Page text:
• Vapor migration is part of the new Phase I environmental site assessment protocol from ASTM, E 1527-13. In December, the US Environmental Protection Agency blessed the new standard as compliant with the federal All Appropriate Inquiries rule, emphasizing the importance of assessing vapor migration risk as a standard part of Phase I ESAs. US EPA went even further in the December preamble and stated that vapor migration has always been a part of conducting AAI. In light of US EPA’s statements and the emphasis that assessing vapor migration is current standard practice for AAI-compliant Phase I ESAs, how is vapor being addressed in the field? If a Phase I ESA report identifies vapor migration as a Recognized Environmental Condition, or REC, what next? In today’s market of intensely short turnaround times for property transactions, is a vapor migration issue a deal killer? What are the current tools and options to investigate a vapor migration REC under transactional time constraints? When should a buyer walk away from a site potentially impacted by vapor migration? When to mitigate? How are environmental due diligence firms establishing consistent processes for recommending “next steps” for clients when vapor migration issues arise?

    This timely webinar will bring together an attorney and two leading technical experts to address head-on the various avenues that firms are taking to assist end users of Phase I ESA reports on how to address vapor migration risk during the deal making process.
  • Regulatory pressures are fundamentally impacting the way that financial institutions manage the appraisal function. Our speakers will tackle the most impactful issues for both lenders and appraisals today. An expert from the Appraisal Institute, the largest appraisal membership society in the world with 23,000+ real estate valuation experts worldwide, will share first-hand research into the challenges faced by appraisers and by lenders that rely on the technical expertise of appraisal services. Attendees will learn about the concerns commercial real estate appraisers face, and the challenges their lender clients face in finding quality appraisers to help them respond to new policies and requirements. Speakers will also share insight into the latest policies from bank regulators like the OCC and FDIC that are impacting the integration of appraisals and environmental risk management. An expert in the trenches of a small community bank will share his insights into the shifting alignment of appraisals and environmental risk management at the community bank level, the importance of having a sound policy in place and actions that banks can take to best prepare for the scrutiny of examiners.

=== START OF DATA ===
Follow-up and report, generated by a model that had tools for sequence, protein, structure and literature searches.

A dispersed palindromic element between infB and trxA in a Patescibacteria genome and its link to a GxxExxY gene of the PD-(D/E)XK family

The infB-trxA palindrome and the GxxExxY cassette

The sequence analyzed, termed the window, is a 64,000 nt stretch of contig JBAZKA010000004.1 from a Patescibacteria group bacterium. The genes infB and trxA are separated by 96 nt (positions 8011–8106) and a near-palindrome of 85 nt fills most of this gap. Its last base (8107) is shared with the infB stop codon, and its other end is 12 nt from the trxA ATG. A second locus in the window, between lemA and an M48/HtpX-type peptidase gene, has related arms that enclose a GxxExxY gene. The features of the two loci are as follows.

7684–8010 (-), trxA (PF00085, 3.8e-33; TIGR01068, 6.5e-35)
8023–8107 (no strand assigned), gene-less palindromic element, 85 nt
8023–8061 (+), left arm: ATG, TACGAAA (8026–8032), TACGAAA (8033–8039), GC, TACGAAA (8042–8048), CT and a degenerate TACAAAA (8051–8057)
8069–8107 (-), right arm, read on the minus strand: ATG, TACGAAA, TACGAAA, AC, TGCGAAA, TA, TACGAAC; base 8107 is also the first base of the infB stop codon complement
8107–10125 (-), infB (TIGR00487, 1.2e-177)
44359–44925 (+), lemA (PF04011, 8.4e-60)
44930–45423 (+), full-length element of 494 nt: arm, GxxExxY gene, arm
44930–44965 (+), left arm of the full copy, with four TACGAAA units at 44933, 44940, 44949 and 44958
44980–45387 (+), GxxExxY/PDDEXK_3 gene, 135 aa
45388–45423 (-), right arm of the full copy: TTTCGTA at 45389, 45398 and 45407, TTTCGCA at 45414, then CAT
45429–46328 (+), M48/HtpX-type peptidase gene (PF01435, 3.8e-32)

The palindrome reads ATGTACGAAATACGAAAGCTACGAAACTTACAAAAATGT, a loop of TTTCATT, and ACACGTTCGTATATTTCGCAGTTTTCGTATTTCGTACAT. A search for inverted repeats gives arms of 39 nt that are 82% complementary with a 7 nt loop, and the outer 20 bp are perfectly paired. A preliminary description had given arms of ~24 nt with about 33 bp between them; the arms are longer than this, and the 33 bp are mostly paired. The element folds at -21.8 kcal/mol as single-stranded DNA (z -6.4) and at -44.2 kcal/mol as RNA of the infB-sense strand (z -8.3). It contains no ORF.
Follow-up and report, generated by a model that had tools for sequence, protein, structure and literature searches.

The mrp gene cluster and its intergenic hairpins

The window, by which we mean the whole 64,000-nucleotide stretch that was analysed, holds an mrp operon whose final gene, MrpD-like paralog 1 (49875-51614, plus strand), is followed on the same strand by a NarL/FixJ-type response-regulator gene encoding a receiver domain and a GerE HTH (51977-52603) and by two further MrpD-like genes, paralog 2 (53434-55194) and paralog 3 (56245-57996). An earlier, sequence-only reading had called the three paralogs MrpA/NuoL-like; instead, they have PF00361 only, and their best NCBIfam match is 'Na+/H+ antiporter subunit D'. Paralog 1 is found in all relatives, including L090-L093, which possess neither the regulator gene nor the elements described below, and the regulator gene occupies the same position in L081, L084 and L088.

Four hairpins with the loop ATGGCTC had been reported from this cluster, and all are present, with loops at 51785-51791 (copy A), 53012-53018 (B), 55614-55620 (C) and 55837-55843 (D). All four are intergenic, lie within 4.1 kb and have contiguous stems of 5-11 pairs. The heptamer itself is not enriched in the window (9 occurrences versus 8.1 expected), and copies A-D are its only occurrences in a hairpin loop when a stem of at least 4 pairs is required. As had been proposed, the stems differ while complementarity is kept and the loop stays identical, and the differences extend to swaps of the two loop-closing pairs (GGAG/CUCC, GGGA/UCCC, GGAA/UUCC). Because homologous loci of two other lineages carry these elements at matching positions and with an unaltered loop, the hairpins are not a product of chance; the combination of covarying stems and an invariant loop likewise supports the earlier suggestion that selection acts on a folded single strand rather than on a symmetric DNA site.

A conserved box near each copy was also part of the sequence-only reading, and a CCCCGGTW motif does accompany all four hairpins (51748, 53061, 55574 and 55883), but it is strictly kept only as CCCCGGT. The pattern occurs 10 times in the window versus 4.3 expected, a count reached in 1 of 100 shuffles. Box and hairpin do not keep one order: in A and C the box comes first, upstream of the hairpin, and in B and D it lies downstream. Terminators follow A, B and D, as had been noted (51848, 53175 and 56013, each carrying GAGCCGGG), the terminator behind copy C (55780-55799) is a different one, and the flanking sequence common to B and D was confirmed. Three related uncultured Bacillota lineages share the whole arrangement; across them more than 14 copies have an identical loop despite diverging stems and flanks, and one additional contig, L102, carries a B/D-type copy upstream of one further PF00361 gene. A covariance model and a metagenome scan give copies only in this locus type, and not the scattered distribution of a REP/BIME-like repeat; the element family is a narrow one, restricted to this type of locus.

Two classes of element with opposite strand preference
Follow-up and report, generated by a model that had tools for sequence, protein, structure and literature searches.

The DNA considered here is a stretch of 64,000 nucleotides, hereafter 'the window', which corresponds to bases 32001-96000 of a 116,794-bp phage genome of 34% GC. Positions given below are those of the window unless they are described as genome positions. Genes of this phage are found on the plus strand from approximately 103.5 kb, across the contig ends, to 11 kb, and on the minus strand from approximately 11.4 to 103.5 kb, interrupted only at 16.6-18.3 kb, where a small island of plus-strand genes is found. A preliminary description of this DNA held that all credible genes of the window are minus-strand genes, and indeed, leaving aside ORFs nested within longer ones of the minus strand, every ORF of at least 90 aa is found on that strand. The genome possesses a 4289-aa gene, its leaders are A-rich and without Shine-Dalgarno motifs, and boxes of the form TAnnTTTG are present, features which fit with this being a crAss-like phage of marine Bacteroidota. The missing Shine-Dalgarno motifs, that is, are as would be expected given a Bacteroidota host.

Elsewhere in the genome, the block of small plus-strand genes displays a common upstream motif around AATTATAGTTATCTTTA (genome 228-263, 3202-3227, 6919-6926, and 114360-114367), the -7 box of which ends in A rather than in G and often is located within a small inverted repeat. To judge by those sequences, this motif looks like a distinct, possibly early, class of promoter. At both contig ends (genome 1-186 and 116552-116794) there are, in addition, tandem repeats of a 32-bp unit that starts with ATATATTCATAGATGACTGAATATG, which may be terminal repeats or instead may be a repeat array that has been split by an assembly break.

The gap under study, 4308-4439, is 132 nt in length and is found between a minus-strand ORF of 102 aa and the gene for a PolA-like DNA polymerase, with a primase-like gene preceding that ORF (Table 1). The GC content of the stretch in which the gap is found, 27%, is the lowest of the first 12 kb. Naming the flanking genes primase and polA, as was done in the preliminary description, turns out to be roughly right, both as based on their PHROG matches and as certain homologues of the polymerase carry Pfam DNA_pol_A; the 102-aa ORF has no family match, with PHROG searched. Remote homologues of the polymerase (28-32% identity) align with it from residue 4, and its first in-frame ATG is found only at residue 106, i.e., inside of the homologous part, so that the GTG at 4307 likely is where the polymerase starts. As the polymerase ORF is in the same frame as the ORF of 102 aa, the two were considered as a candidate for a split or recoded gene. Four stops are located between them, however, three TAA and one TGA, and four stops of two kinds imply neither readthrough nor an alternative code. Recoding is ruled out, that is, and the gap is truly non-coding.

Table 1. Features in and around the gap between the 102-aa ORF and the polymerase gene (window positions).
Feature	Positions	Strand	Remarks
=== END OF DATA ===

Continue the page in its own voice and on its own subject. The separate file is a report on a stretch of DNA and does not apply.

BENEFITS TO AUDIENCE:
    - Information on how appraisers can meet today’s top challenges, align their services with the challenges lender clients face
    - A deeper understanding of bank regulations impacting appraisals
    - An insider’s take on what bank examiners look for
    - Advice on steps banks can take to protect themselves against examiner scrutiny
    - A look into the forces that are bringing appraisals and environmental due diligence functions closer together

    PRESENTED BY:
    - Bill Garber, Director of Government and External Relations, Appraisal Institute
    - Brian Ginter, Director - Executive Staff, Diversified Real Estate Consulting Network
  • With scrutiny on lenders’ risk management policies intensifying, more and more community banks are writing their first policies or updating old ones. The OCC just raised the bar for the banks it regulates with the August release of expanded guidelines for environmental risk management that bring their policy requirements in line with those of the FDIC. What are the critical components that should be in every policy? What elements are common to most institution’s policies? How does your institution measure up to industry best practices? How is policy administered across organizations?